This is also known as a feature that helps users sort or filter search results. The more offerings you have on your site, the more important it is for you to implement a filter function. Don’t force customers to sift through clutter. Give them an opportunity to narrow down search results quickly by checking the necessary attributes or sorting by price, popularity, availability and more.

#6 “No Results Found” or “Product Not Available”

no results found

Websites often return pages with no results when users type in misspelled words or customer queries fail to “speak” a website’s language. Take a closer look at your keyword database if you notice there are common misspellings for specific products or categories.

Also, make sure that your website and your users “speak the same language”. In other words, customers search by typing in the way they speak to find relevant results, but this may not match with how products are titled or listed in your store’s database.

It’s hard to keep an eye on your store’s inventory, so sometimes users will end up on “product not available” pages. This doesn’t contribute to user engagement and leads straight to high abandonment rates.

Keep these so-called “dead result pages” live by offering relevant alternatives and recommendations, even if the original product is sold out.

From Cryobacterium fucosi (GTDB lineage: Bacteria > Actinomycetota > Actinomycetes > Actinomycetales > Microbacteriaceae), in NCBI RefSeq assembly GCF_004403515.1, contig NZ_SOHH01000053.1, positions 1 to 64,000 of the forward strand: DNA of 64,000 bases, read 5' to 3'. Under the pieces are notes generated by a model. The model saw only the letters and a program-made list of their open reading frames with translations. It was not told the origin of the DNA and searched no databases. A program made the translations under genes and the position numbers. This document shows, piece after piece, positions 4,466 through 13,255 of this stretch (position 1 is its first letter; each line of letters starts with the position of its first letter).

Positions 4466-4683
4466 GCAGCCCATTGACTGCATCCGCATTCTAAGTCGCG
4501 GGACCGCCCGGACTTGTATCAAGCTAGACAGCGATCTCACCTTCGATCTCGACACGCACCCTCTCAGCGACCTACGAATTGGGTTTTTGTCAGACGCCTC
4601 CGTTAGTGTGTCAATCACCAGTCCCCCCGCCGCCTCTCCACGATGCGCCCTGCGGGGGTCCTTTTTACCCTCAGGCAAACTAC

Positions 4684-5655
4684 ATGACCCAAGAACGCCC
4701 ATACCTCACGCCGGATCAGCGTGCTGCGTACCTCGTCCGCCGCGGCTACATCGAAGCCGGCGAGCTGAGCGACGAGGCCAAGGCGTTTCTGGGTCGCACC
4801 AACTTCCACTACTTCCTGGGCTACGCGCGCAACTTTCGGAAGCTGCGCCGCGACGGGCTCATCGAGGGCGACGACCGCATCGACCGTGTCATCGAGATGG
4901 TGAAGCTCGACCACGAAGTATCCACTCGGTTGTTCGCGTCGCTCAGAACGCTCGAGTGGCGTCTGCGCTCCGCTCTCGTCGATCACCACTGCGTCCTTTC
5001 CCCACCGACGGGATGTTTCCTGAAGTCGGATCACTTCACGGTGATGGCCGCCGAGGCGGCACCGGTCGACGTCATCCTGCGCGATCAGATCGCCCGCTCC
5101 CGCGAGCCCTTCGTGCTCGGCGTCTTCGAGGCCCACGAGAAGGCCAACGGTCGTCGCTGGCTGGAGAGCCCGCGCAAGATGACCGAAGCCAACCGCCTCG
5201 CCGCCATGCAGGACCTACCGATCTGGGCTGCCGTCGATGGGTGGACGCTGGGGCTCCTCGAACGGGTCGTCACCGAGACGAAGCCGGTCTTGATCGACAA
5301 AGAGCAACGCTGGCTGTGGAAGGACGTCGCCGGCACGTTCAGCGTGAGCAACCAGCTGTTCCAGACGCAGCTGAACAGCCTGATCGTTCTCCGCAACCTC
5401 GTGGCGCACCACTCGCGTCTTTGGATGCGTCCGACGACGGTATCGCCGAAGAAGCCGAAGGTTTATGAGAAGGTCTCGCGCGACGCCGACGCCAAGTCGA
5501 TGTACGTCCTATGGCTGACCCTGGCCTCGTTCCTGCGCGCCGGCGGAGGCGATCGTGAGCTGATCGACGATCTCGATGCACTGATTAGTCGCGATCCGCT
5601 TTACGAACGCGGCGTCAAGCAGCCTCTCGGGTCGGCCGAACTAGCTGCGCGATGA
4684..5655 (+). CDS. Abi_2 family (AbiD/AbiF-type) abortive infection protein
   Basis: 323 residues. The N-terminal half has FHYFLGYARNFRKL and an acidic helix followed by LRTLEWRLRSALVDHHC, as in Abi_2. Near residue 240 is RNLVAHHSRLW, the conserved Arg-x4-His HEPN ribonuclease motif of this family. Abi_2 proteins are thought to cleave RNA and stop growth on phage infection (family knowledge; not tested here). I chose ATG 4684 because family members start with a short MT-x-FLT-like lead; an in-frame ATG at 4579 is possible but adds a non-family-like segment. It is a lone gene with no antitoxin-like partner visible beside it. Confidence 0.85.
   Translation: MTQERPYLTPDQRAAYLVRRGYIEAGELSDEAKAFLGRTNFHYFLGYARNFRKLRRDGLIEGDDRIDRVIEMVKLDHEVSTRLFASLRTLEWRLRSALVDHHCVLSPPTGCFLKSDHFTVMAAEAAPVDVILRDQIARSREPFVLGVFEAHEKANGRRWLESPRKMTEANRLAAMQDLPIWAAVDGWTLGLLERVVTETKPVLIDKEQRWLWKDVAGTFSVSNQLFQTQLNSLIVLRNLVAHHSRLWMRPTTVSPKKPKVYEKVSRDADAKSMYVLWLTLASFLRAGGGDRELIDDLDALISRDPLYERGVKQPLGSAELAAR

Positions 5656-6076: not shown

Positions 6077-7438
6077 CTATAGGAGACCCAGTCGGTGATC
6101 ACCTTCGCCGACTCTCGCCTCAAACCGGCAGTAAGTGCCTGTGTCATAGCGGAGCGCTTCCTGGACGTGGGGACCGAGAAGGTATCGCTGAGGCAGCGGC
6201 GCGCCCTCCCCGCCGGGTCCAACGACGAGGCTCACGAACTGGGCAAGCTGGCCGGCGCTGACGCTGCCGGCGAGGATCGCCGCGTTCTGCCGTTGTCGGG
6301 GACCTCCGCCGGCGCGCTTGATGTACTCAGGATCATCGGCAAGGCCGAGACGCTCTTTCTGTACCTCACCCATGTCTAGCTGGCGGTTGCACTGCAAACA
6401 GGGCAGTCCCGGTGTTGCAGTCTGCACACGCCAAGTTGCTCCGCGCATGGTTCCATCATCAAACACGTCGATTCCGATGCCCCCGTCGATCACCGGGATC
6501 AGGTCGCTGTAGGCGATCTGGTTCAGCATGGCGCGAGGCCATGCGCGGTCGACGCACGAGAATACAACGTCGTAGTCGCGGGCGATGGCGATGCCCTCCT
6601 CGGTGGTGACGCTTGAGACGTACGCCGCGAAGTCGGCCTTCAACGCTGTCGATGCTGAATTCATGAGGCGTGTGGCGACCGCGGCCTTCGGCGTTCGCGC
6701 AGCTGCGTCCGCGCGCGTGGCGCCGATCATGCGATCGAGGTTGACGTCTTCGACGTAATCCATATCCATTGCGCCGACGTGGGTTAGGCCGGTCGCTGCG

#7 Web Analytics

Your website’s search functionality can give you some valuable insights on your overall user behavior, including: what works, what’s yet to be improved and how to identify, enrich and refine your keyword database. Search reports tell you what users are searching for on your site.

You might be surprised to learn that people are using some search terms you may not have accounted for. Search reports can give you ideas about new products or product categories that you should include or what new keywords to implement for your products to get even better results.


One of the main objectives of on-site optimization is to create an excellent user experience that will lead to better engagement and higher conversion rates. Creating a faster, smoother and hassle-free search experience will help you decrease abandonment rates, retain users and turn them into happy and loyal clients.